Search the Lounge


« Do Specialty Journals Dilute Brand Value? | Main | Texas Law Review Launches Dicta -- On-Line Book Reviews Section »

June 09, 2011


Feed You can follow this conversation by subscribing to the comment feed for this post.

Statutory locator

The purpose of the year is to locate the statute. Because things move around, knowing the year on the spine will help you figure out where to go to find that provision in whatever edition of the printed code is available to you -- or better yet, why it may not be where you think it should be in the most recent printed code. Can't help you if the law journal staff miss the boat...

David S. Cohen

I guess I'm ignorant - in what way does the year help you locate the statute? I've been locating statutes for 17 years now and never once needed a year to do so.

Marc Miller

The year is helpful when a article cites historical statutes, old codes, repealed provisions, etc. Not, of course, if the wrong year is put in.

Jessica Owley

I vaguely understand why we include the year so someone reading our article in 50 years can look at the same version of the statute that we used, but I agree that most editors struggle with this rule. It can be relatively straightforward to figure out years for the USC or CFR, but no one I have asked understands how to figure out the year for state laws.

Also, when I was practicing/clerking, we never included the year for statutory citations.

Bill Turnier

Occasionally subsections within get moved and what was once 127(c) becomes 127(f) several years later. Having the year let's the reader/researcher determine what was the object of your concern. I should add that restructurings such as I noted mess you up when you seek to learn what has happened to present 127(f). You must look up both and carefully discern what you are dealing with.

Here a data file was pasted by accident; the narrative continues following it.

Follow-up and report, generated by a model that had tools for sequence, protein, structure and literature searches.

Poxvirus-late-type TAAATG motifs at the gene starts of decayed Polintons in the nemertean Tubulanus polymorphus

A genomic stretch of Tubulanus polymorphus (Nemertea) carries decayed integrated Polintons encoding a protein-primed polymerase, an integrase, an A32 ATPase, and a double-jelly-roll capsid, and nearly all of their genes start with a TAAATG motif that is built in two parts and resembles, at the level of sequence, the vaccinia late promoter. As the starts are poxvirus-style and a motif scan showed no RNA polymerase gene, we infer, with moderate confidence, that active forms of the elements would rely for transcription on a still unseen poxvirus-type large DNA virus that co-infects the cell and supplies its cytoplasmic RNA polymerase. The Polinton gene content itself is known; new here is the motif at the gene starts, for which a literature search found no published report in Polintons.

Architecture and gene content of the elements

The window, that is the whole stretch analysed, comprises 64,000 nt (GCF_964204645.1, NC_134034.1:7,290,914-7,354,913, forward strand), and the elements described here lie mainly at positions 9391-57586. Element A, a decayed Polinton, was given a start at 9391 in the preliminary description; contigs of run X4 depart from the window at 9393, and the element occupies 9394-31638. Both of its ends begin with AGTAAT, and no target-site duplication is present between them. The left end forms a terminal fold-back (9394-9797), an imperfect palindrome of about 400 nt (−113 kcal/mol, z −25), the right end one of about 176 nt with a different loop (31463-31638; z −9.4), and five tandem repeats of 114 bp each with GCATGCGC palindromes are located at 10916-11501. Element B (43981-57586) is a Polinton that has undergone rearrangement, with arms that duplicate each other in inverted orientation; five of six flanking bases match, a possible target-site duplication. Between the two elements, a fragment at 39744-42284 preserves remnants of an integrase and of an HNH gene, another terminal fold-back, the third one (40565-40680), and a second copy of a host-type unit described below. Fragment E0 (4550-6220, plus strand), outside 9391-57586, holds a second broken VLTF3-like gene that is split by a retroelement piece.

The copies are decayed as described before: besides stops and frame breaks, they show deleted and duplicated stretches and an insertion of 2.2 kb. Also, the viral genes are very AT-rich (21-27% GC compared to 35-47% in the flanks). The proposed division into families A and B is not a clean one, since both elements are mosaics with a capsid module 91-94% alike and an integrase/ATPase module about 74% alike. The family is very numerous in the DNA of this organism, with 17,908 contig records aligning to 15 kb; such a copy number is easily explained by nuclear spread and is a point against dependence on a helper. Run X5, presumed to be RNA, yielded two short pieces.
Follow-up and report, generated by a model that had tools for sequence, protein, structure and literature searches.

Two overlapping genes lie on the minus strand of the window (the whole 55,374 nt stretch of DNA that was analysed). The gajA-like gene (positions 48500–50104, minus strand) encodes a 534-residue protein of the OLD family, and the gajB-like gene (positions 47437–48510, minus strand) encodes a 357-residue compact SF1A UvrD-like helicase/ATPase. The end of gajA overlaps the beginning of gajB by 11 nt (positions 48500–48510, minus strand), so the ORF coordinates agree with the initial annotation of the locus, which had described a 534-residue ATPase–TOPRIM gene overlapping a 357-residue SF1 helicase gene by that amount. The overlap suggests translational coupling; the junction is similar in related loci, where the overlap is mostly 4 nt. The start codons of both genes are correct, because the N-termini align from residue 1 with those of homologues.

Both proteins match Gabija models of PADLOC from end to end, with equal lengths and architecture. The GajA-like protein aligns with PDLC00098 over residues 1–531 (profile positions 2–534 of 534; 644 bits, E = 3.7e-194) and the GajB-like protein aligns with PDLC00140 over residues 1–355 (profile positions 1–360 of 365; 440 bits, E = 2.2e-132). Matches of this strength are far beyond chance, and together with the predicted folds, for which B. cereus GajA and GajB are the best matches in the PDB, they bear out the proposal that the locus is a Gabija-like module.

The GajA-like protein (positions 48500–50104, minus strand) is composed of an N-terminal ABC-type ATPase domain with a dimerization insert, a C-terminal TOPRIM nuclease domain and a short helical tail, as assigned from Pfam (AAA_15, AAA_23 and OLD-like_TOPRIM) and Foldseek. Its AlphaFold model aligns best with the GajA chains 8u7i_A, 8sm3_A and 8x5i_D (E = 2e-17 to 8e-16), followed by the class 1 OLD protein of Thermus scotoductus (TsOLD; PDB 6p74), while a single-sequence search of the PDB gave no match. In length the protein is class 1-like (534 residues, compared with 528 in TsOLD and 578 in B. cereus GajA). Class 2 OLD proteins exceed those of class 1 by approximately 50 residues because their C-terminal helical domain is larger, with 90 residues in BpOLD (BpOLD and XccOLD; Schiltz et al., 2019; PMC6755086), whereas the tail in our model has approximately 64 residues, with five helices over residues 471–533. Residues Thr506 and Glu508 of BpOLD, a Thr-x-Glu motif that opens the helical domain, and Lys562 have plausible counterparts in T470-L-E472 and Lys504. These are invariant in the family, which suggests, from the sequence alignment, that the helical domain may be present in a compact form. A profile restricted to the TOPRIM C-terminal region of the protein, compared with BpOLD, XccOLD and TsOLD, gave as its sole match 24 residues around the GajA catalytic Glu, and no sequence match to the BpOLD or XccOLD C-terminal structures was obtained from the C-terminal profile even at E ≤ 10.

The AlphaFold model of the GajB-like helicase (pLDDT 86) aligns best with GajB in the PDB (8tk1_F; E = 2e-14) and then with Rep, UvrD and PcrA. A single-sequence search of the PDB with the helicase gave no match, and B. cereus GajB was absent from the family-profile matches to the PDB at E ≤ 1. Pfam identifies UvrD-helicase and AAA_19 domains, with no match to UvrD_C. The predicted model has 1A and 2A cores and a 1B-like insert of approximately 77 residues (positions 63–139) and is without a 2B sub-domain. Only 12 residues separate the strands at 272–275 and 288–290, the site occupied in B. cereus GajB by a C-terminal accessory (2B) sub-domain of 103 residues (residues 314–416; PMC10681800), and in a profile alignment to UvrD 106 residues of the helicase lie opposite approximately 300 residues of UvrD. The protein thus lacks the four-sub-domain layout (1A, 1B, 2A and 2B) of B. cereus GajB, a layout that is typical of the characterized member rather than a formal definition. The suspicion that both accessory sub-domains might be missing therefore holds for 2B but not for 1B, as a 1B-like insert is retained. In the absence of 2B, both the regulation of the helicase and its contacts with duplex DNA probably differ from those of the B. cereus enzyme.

David S. Cohen

Jack - agreed that it can be helpful in that context, but isn't that the year of the statute's creation, not the year the book was published? And if, for some reason the year the book was published is the useful information, couldn't that be something reserved for a special parenthetical?

Jessica - wouldn't the person reading it in 50 years know that you were looking at the statute that was in effect on the date of publication?

Bill - kind of the same response. Wouldn't a special parenthetical be appropriate for this?

I guess what I'm getting at is that for most statutory citations, I'd venture a guess and say well north of 99% of them, the specialized circumstances you are describing here wouldn't have any relevance. All you are doing with most cites to statutes is showing that there is a statute in existence which says X. The year on the spine of the book has nothing to do with that claim. If your citation is one of those very small number of cases in which the book year actually does, then a parenthetical explaining such would be useful. But, for the run of the mill statutory cite, it still seems completely irrelevant.